No joke, I think they already require doctors to ask about any guns in the household of patients experiencing depression, its not much of a leap to assume that ‘treatments’ for the endemic pathogen of ‘systemic racism’ will come into play for future ‘consideration’.

    It’s a logical extension of the trend.

    • #24
  25. Ralphie Inactive
    Ralphie
    @Ralphie

    MichaelKennedy (View Comment):

    What happened next was that all physicians were on salary, with the politics to match. Here is more of the story.

    I was talking with my sister the nurse a few years ago, and said I thought medical care was better about 30 years ago.  It just seemed that we had a family doctor, who knew us, took care of us (we only went when we needed to), and referred us for things he could not do.  About 10 years ago I read a book by Dr. Nortin Hadler “Last Well Patient” who basically said we over doctor.  A few weeks ago, I came across a book by Dr. James Le Fanu “the Rise and Fall of Modern Medicine” who believes the height of medicine’s acheivements were in the 70’s.  He discusses 4 paradoxes: 1. Disillusioned Doctors. Doctors have become more and more unhappy with their work. 2. the Worried Well.  As medical care increased, so did worry about being sick. A lot of basically healthy people take pills. 3. The popularity of Alternative medicine. It used to be quackery, and many of the items pushed were abandoned years ago. Now they’ve come roaring into lives 4. Spiraling Health care costs. 

    Dr. Le Fanu says the promise of the New Genetics (it is more complicated that people predicted) and the Social theory (don’t eat butter, eat butter, don’t drink coffee, drink coffee), has left us with improving hips and insulin that were discovered much earlier.  He also thinks the Social theory has made people worriers.

    I do believe that many go into medical work today because of the money and job security.  The nurses in my family were never looking for work (until very recently, but I think it was short lived).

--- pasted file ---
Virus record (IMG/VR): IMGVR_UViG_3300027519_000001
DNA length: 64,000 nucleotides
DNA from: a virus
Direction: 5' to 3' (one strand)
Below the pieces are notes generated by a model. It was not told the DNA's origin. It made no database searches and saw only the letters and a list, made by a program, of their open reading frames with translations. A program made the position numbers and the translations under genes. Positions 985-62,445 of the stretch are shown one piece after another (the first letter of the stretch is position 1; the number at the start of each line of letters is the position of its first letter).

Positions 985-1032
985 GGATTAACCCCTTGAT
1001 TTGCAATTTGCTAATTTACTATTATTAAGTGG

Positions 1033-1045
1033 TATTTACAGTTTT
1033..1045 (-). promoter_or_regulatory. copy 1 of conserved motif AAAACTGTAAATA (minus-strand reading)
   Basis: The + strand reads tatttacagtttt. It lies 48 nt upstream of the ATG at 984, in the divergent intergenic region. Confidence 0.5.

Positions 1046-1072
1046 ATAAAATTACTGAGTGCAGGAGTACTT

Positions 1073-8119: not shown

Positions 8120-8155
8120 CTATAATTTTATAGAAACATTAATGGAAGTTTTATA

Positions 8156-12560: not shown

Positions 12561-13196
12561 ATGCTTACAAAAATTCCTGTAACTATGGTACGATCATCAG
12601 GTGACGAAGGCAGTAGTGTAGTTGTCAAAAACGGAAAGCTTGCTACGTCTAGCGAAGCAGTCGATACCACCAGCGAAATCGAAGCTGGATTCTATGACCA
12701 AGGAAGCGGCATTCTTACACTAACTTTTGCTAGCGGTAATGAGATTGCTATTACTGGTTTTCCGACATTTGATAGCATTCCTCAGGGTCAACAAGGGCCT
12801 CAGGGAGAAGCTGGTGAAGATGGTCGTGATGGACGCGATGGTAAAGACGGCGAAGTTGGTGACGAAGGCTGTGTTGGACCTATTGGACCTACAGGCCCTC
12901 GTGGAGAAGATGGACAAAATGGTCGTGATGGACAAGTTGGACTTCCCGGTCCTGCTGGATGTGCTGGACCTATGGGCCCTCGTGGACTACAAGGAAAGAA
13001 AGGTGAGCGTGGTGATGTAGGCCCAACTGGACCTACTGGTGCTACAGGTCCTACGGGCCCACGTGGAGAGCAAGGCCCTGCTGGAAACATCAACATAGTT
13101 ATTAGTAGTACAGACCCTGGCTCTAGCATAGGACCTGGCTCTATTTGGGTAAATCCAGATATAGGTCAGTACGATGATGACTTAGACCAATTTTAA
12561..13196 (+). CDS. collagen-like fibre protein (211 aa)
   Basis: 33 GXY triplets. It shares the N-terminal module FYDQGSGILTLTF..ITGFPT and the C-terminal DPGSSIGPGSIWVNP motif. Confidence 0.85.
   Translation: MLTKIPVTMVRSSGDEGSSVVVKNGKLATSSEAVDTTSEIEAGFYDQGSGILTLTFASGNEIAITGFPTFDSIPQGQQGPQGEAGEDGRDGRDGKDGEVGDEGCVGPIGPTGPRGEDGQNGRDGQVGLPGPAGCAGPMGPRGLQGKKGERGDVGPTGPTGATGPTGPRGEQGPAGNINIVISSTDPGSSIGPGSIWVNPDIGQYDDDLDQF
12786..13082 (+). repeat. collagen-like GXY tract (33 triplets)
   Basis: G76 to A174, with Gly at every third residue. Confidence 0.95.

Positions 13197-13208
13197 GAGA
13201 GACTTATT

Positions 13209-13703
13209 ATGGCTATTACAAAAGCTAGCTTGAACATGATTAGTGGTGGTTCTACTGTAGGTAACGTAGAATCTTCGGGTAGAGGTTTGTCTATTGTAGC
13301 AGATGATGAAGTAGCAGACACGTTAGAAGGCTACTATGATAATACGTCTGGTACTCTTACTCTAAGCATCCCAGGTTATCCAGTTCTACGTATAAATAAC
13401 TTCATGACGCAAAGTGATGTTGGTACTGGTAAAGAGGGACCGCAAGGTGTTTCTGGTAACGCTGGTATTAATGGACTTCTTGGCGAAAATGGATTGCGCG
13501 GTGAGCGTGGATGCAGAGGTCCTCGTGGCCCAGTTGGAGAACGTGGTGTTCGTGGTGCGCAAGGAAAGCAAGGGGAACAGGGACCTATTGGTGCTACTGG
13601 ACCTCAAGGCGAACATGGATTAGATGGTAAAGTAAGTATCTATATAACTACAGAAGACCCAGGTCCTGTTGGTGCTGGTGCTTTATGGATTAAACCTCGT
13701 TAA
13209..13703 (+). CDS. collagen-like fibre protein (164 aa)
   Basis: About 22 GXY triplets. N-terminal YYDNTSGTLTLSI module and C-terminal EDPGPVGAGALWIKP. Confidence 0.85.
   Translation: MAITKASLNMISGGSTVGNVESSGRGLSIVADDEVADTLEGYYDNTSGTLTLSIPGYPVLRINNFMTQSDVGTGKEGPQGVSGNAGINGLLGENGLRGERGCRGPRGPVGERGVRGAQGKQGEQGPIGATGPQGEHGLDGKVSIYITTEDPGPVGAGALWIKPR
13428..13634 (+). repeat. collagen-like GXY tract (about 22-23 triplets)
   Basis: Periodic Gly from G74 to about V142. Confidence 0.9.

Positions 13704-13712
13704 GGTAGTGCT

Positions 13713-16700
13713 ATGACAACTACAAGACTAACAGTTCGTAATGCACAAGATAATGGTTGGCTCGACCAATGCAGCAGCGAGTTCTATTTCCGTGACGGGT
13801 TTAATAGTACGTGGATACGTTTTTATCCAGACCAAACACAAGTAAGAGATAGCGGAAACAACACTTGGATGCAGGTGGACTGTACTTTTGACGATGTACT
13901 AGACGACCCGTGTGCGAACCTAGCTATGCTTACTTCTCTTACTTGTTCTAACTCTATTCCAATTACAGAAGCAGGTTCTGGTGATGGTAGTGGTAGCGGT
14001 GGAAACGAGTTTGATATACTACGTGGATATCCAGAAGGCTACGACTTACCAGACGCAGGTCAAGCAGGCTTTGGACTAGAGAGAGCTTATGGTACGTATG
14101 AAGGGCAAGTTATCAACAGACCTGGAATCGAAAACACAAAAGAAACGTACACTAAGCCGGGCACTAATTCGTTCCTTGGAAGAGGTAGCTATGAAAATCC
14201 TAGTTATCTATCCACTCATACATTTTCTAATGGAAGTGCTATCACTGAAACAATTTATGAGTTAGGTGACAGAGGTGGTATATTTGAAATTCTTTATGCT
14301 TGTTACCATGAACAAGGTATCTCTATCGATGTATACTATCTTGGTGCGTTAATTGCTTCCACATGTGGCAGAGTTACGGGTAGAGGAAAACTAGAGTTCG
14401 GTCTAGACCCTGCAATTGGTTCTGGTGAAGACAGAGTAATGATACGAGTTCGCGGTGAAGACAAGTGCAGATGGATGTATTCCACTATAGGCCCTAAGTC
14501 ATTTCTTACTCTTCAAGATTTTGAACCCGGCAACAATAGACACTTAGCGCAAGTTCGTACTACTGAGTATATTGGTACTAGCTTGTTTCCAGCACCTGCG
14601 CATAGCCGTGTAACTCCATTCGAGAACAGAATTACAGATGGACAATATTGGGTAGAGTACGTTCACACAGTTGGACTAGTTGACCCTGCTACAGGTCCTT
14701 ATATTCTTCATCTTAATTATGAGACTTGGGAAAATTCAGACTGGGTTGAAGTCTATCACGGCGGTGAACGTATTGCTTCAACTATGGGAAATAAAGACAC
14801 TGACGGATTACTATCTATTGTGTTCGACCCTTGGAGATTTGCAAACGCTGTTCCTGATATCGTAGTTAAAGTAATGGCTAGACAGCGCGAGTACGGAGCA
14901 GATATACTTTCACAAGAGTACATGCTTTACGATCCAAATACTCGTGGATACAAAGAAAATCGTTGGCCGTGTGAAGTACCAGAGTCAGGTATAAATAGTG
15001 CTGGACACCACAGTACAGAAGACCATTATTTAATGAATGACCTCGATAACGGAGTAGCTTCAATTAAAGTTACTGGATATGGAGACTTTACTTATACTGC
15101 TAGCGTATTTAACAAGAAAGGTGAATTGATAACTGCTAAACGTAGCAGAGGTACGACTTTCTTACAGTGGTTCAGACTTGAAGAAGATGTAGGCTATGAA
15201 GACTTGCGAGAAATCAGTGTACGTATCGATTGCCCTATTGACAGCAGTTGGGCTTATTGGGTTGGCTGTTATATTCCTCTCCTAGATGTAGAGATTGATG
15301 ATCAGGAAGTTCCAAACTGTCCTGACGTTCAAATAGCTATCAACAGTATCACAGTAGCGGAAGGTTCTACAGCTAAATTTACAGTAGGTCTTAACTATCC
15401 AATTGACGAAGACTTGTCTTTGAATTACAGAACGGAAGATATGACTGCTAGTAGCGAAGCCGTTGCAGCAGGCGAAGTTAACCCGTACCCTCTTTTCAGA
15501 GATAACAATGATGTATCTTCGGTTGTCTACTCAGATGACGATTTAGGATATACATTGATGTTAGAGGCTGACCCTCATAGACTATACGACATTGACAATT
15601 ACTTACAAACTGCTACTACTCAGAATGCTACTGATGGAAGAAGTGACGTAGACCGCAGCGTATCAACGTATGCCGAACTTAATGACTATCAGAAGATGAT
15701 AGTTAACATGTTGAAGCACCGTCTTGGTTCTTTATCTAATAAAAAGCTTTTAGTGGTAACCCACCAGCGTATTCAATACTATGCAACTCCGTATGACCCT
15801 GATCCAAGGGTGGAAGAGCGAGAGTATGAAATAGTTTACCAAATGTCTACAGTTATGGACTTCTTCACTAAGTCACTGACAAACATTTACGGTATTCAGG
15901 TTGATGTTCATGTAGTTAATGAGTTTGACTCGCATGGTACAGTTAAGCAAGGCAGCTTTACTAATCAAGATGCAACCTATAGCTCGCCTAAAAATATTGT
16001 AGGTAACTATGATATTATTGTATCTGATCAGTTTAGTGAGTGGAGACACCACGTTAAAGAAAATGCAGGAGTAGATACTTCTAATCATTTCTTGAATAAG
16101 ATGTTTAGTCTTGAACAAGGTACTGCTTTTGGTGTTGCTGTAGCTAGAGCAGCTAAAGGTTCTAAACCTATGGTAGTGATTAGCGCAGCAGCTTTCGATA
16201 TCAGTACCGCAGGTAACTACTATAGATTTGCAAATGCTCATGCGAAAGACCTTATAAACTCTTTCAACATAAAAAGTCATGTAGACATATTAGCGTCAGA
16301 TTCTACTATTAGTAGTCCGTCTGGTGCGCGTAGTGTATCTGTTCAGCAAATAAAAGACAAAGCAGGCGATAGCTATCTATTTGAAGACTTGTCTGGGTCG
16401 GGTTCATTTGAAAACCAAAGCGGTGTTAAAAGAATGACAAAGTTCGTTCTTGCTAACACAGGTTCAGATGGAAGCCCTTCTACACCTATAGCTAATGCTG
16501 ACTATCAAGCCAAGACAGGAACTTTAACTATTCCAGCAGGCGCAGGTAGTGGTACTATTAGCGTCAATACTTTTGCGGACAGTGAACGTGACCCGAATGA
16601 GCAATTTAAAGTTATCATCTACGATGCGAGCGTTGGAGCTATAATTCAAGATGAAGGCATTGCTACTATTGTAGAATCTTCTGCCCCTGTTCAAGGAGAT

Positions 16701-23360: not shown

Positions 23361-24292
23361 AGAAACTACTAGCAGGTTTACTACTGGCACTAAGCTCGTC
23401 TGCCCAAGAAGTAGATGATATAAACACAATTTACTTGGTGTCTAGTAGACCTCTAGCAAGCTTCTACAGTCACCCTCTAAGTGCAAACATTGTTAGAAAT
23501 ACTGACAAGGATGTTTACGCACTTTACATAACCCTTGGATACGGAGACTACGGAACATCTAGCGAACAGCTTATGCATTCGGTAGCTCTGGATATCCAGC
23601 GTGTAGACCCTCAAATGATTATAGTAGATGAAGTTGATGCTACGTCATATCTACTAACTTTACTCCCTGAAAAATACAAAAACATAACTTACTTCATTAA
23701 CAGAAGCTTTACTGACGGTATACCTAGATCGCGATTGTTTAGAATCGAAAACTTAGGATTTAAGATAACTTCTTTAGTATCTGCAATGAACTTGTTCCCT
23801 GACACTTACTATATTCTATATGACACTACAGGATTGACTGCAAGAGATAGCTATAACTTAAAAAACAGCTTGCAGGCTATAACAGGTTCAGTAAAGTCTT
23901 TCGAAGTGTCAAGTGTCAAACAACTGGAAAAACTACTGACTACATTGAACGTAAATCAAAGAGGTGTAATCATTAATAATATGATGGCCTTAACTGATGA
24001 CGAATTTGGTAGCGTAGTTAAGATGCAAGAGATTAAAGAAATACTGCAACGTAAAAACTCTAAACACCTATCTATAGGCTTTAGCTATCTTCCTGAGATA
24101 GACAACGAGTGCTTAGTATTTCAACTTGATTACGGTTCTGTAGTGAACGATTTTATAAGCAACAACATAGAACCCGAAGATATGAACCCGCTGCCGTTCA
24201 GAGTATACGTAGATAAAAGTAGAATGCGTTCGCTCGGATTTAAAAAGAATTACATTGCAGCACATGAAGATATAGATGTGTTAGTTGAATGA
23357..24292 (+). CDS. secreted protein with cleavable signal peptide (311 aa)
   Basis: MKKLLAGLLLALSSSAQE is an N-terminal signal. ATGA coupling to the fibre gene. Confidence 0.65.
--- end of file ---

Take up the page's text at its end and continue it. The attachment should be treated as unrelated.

And I just remembered the former abortionist, pro life doctor who was basically fired for not participating in LGBT pride events at his hospital. It had nothing to do with his work as a doctor, but his personal beliefs.

    • #25
  26. ape2ag Member
    ape2ag
    @ape2ag

    I have some insight into medical education and training, and I can tell you that the selection and socialization of young doctors is driving this.  And it’s getting worse.  Twenty years ago we all pretty much rolled our eyes at the inclusivity box checking.  Today, it’s absolutely rigid with real consequences on rank lists for med school acceptance and residency matching.  The politically favored rise, and the disfavored are suppressed, with talent and performance secondary considerations.  We aren’t going to get smart woke doctors.  We are going to get a bunch of woke midwits administering medical care in this country.

    • #26
  27. MichaelKennedy Inactive
    MichaelKennedy
    @MichaelKennedy

    MiMac (View Comment):

    Michael Kennedy-but fortunately EHRs were mandated by that oracle of healthcare-the Obama administration. There used to be a large number of EHR providers-but with numerous mergers there are only a few-and they are GUARANTEED a market. It’s a deal the British East India Company could only have dreamed of! You make a crappy product-but your customers have to by it! It costs medium sized hospital corporations about $100 million dollars to buy. And the best part is, that the typical hospital losses a significant amount of money the 1st year they adopt the system due to coding and billing problems. I know of medical groups that spend $100,000 per MD for EHR costs per YEAR. Lord only knows the cost of physician hours spent on a computer program that they couldn’t give away on an app store.